Old time O'cockers could often be found proguing for a living. They'd progue for fish, clams, oysters, crabs, even turtles. Sometimes they'd use a gig (for flounder), a rake (for clams), or tongs (for oysters). Turtle progues were also used on the island.
Progue is a variation of an obsolete term "prog" (going back at least to 16th century England & Scotland), meaning to search, prowl about, or forage for food or plunder. On Ocracoke it can be used to mean searching for seafood, or more generally for just poking about or jabbing at something (e.g. "Will you quick proguing around in that pile of trash!").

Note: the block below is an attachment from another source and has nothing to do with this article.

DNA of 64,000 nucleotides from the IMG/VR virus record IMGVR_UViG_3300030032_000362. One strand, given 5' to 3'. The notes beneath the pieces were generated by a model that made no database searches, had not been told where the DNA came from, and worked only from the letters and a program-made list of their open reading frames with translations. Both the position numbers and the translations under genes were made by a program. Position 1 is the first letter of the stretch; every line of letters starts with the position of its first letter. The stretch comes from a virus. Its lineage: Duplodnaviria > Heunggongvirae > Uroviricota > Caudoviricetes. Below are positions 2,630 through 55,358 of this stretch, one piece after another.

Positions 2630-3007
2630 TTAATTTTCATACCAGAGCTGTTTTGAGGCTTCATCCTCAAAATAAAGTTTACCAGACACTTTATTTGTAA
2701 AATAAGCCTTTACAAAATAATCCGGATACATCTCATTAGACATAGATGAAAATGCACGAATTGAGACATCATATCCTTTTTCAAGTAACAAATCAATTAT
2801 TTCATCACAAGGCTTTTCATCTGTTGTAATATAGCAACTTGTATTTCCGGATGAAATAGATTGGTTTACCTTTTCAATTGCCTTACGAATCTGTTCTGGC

It's getting that time of year again. Already neighbors have been out in Pamlico Sound proguing for clams. Clams don't get any tastier than when you bring them home in the afternoon, and eat them for supper!
Our latest Ocracoke Newsletter is "Remembering Growing up on Ocracoke" by Lawton Howard. You can read it here.
To read about Philip's new book, Digging up Uncle Evans, History, Ghost Tales, & Stories from Ocracoke Island, please click here.